We chatted for a while and they ended up giving me two beautiful mackerel. Firm and iridescent, they were probably the freshest fish I’ve ever had in my hands (well, apart from live ones).
They joked about my fish-matching trousers as I left.

Unintentional co-ordination

Unintentional co-ordination

I cleaned a beach and was rewarded with a gift. That’s some pretty instant ocean karma right there!

Now, as a rule I generally don’t eat fin fish.

Most people involved in marine conservation wont touch seafood.
This isn’t because of some mermaid-like affinity with fish; it’s because they’re aware of the pressures of the fishing industry on marine habitat. The realities of commercial fishing can be really shocking, especially when it comes to bycatch and catch-size.

Scientists estimate that for every pound of shrimp that's caught, up to 10 pounds of other marine life is discarded. That's things like turtles, birds, dolphins, sharks and other important and precious marine wildlife.

Scientists estimate that for every pound of shrimp that’s caught, up to 10 pounds of other marine life is discarded. That’s things like turtles, birds, dolphins, sharks and other important and precious marine wildlife.

But a couple of fisherman landing a few mackerel isn’t commercial fishing.
I watched them catch the fish with lines and hooks; no bycatch or dodgy fishing methods involved here.
Bar not trying to catch anything at all, this is the most sustainable way to fish that there is (in fact, fishing like this is something that I’ve wanted to try myself on Skye but it’s just another thing I’ve yet to get around to doing).

I also think that, if we do have to eat fish at all, it should be a one-off treat sourced from individuals and small businesses rather than the huge trawler ships that supply our supermarkets. Sustainability should also consider livelihoods; to be pro-conservation isn’t necessarily being anti-fishermen.

*Right, end of marine conservation talk (unless you’re genuinely interested, in which case please see me after class)*

Anyway, I was thrilled with this gift and I my conscience was happy to take them too.
Despite a few unsuccessful attempts to catch my own salmon (turns out I suck at fly-fishing) this was the first time I’d get to eat fish in over a year.

All the gear and no idea; my first attempt at fly fishing for salmon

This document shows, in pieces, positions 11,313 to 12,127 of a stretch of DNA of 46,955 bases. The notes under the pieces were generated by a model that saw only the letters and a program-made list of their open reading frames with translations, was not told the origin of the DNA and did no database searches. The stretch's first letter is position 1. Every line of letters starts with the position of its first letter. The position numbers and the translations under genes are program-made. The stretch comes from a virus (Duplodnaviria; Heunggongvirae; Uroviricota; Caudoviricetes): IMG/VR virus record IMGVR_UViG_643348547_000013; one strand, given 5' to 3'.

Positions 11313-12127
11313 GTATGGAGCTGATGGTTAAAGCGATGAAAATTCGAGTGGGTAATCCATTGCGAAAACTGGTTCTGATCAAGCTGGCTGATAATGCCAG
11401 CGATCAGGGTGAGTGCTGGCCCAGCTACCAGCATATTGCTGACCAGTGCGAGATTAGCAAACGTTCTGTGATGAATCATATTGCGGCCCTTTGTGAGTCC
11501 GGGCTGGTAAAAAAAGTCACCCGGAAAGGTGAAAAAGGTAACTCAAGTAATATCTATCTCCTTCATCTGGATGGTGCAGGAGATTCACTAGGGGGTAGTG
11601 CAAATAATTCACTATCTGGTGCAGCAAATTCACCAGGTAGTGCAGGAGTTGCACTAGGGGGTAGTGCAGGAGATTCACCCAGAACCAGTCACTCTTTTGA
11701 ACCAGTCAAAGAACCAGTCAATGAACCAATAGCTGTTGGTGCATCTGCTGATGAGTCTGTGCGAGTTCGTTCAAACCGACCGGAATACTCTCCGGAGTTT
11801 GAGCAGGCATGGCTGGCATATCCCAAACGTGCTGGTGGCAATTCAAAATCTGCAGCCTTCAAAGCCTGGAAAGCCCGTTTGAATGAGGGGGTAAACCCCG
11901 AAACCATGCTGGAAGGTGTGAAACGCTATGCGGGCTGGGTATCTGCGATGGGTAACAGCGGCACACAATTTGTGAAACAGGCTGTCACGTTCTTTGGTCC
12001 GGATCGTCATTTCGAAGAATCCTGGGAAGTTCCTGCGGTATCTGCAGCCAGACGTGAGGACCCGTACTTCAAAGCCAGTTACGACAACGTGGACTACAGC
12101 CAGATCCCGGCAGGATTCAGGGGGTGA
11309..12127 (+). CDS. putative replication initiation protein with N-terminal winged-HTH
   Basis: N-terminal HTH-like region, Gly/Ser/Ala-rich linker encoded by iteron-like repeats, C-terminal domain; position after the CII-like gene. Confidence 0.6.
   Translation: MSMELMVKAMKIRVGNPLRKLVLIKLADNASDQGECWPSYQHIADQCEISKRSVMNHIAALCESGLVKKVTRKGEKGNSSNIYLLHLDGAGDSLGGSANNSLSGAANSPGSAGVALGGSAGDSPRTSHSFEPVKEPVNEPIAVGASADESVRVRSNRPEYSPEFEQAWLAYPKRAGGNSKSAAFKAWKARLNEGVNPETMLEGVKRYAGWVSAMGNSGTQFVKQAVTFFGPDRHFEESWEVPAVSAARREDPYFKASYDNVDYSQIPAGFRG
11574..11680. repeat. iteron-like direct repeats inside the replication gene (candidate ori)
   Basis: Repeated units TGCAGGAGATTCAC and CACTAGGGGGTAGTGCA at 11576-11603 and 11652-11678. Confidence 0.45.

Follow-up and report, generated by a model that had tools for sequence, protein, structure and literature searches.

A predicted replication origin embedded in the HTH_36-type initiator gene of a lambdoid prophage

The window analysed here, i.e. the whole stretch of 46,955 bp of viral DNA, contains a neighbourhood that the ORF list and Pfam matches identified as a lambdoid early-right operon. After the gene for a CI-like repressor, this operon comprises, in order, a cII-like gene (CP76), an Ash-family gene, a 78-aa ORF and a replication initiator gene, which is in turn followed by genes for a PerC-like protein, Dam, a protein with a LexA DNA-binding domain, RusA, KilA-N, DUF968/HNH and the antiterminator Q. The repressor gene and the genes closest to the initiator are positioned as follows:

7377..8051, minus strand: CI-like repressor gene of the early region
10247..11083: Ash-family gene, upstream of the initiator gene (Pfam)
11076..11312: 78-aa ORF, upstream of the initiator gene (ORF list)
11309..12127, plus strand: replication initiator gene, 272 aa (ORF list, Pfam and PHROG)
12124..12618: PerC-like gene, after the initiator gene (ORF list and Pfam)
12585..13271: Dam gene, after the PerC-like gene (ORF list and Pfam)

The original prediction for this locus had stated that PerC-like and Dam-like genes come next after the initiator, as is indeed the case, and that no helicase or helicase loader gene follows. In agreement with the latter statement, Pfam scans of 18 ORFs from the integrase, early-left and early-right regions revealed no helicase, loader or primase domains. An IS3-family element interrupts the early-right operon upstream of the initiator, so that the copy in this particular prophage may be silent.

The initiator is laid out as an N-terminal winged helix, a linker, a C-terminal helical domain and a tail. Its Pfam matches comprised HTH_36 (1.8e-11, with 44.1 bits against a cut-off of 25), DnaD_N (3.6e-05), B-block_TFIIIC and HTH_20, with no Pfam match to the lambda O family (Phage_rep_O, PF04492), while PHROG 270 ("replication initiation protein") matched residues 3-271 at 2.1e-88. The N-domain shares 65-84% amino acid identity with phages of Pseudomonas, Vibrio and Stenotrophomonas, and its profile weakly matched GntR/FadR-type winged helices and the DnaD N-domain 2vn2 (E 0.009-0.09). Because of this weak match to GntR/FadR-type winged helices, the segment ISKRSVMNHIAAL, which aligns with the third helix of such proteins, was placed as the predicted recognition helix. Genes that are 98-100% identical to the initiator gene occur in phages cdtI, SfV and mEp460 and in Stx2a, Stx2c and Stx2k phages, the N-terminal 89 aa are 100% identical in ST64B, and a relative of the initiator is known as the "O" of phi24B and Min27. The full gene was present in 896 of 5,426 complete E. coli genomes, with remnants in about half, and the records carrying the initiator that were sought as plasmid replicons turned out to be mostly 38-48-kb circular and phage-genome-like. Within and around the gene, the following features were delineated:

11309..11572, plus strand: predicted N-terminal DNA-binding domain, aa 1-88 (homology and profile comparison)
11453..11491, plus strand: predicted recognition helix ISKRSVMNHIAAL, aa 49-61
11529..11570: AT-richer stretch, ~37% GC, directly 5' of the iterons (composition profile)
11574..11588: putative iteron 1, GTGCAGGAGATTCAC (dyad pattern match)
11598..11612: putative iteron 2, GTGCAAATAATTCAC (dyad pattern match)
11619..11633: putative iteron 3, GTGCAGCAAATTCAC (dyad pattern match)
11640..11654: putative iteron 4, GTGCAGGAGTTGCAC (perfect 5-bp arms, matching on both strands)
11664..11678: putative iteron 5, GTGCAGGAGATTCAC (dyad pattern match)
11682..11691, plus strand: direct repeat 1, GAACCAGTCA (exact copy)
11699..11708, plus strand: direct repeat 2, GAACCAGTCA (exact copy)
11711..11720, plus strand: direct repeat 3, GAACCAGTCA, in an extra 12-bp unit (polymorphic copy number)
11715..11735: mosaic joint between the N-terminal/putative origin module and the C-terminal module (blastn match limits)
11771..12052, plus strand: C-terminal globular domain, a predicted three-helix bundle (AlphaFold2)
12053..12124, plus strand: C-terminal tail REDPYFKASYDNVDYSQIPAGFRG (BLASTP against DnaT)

All the gear and no idea (my first attempt at fly fishing for salmon on Lewis)

At home I made my first attempt at gutting them.
I was pleasantly surprised to find it so easy. Those who complain about gutting fish have obviously never had to tackle something like a goose.

It’s impossible to ignore how beautiful these fish are; their holographic skin and tiger stripes shone bright under the running tap water.
Strange how something so pretty has been relegated to just another everyday ingredient in a British shopping trolley…

Holographic creatures

Holographic skin

It hadn’t even been an hour since they’d left the ocean.
Mackerel is always best eaten on the same day it’s caught but it’s rare to find some this fresh. I’d make the most of it and eat the first one raw.

Before I gave up fish my #1 favourite food was sashimi; there’s a subtlety and cleanliness to it that I find delicious. I’ve missed it.

A foodie’s anticipation in returning to their most desired dish cannot be underestimated; greed is a force to be reckoned with.
My ham-fisted attempts at filleting had no effect on the taste; it was perfect.

Simple sashimi

Simple sashimi

I sipped my wine and pondered course two.
Ceviche.
Lime, chilli, coriander, spices. Eaten before I could contemplate taking a photo.

Course three…
How far can you stretch just two mackerel?
I’d made some bread dough earlier so I stretched out a disc and floured it. In a smoking pan it became a flatbtread accompaniment to go alongside the second fish, simply grilled with a simple squeeze of lemon and a dollop of aioli.

Grilled with homemade flatbreads

Grilled with homemade flatbreads

Could I eke out a fourth course?

It would have been trickier if I hadn’t made such a rubbish attempt at filleting the first one. My beginners attempts left me with enough offcuts to fry up and mash with some lemon, butter and pepper.
Spread onto pieces of toasted flatbread these made tasty little pate canapes.